PRINCETON, NJ -- Black Americans are significantly less likely now than they were 20 years ago to cite discrimination as the main reason blacks on average have worse jobs, income, and housing than whites. Today, 37% of blacks say these differences are due to discrimination and 60% say they are caused by something else. In 1993, 44% said such differences were due to discrimination and 48% something else.
The results are from Gallup's Minority Rights and Relations poll, conducted June 13-July 5, and completed before last week's verdict in the George Zimmerman trial that brought race relations back into the spotlight. The poll surveyed 4,373 Americans, including 1,010 non-Hispanic blacks.
The question did not specify what the "something else" causing the average socioeconomic differences might be, but the trend over the past two decades clearly suggests blacks are less likely to view discrimination as the cause of such differences.
Whites also -- like blacks -- over the past two decades have shifted toward the "something else" explanation for black-white differences in jobs, income, and housing. Still, whites have remained consistently less likely than blacks to ascribe these differences to discrimination each time Gallup has asked the question.
Overall, 20% of all national adults say black-white differences in jobs, income, and housing are due to discrimination, compared with 24% in 1993, when Gallup first asked the question.
The percentage of blacks who say black-white differences in socioeconomic attainment are due to discrimination rises with age, from 30% among blacks aged 18 to 34, to 47% among blacks 55 and older. Older blacks may be more familiar with the civil rights struggles of the 1960s, and many lived a significant part of their lives before today's federal laws aimed at reducing discrimination in hiring, housing, and education were passed. These data suggest that with the passage of time, and if these patterns don't change in the years ahead, the percentage of blacks who perceive discrimination as the cause for black-white differences may drop further.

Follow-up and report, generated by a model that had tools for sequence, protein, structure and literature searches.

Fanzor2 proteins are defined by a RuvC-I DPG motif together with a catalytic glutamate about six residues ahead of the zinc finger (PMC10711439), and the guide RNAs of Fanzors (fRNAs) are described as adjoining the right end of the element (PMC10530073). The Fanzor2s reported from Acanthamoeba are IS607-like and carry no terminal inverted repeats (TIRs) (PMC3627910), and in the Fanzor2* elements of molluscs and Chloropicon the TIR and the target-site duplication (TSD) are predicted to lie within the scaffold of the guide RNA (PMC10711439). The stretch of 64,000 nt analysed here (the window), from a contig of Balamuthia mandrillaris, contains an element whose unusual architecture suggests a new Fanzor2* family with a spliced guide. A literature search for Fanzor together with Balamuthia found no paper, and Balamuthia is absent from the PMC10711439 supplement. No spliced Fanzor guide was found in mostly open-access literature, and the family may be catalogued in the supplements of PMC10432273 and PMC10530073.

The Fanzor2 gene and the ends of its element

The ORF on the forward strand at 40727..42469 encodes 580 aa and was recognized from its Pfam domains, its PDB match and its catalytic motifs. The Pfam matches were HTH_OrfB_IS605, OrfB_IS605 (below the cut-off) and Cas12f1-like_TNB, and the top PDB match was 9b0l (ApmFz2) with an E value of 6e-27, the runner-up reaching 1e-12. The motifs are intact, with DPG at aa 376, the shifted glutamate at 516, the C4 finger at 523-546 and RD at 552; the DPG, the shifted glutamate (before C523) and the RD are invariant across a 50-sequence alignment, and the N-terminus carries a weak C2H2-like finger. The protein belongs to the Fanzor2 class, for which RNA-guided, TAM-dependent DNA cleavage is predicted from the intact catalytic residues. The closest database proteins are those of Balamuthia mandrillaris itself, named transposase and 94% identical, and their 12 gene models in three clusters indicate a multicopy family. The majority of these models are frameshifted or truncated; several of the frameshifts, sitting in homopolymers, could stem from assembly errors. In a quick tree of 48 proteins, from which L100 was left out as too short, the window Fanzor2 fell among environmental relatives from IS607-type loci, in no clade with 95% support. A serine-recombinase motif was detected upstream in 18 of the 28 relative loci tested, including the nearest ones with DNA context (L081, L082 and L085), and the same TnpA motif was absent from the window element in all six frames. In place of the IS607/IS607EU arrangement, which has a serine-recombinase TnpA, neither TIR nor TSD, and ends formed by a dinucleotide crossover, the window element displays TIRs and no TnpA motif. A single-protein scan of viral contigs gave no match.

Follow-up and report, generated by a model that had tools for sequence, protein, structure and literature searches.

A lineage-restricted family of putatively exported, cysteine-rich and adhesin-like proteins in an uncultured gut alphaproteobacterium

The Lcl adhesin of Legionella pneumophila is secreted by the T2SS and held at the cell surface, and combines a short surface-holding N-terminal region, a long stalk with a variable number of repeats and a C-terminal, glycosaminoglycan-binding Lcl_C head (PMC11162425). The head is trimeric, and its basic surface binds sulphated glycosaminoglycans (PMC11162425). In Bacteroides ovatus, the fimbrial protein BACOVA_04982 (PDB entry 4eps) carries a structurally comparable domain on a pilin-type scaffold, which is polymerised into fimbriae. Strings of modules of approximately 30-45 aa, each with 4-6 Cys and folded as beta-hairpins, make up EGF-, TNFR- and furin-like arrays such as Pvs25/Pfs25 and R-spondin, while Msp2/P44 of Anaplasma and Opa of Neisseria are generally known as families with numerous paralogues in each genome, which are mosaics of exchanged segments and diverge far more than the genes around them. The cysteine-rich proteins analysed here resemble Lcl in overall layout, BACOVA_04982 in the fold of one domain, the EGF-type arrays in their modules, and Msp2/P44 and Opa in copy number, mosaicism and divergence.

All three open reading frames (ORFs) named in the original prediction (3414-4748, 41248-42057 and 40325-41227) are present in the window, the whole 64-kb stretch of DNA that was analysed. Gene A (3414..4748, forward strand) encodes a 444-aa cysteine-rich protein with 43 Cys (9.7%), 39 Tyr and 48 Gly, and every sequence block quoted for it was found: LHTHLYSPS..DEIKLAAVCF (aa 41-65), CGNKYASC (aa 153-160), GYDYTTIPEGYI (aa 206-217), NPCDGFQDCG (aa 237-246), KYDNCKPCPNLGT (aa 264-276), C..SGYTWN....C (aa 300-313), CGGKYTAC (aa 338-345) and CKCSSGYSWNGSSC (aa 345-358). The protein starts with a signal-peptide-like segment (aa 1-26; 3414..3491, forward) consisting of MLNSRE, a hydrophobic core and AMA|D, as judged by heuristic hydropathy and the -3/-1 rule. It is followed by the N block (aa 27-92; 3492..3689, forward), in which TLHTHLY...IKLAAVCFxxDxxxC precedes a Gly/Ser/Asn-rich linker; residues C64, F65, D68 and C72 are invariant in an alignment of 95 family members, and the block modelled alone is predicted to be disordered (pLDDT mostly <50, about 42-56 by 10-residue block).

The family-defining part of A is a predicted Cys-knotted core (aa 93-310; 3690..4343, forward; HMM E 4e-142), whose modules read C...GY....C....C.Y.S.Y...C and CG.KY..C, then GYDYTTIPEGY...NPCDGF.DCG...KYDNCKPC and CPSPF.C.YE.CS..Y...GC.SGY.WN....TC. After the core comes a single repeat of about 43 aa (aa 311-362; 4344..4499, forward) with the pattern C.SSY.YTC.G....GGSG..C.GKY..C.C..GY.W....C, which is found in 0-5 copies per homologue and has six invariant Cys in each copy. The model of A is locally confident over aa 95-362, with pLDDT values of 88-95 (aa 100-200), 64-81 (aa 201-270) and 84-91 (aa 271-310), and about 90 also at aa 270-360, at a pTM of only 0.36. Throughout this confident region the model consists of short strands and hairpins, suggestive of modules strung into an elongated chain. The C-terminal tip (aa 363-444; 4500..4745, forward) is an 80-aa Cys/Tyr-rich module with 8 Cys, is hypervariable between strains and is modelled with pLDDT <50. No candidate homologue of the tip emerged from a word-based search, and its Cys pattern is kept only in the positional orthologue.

Blacks More Likely to Say Discrimination Related to Incarceration
Gallup for the first time asked in this year's Minority Rights and Relations poll if the fact that black males are on average more likely to go to prison than white males is a result of discrimination or something else. Blacks are more likely to perceive discrimination as the cause of racial differences in imprisonment rates than they are when asked about racial differences in socioeconomic status. Specifically, 50% of blacks say the higher black male incarceration rate is due to discrimination, while 48% say it is due to something else. Whites are much less likely to ascribe the cause to discrimination.
Gallup asked this question because the high percentage of black men who serve time in prison has in recent years become a focal point of discussion and concern. In 2011, U.S. Department of Justice statistics indicated that more than 3% of all black males were in prison, compared with 0.5% of white males and 1.2% of Hispanic males. Other estimates find that one in three black males can expect to be in prison at some point in their lifetime.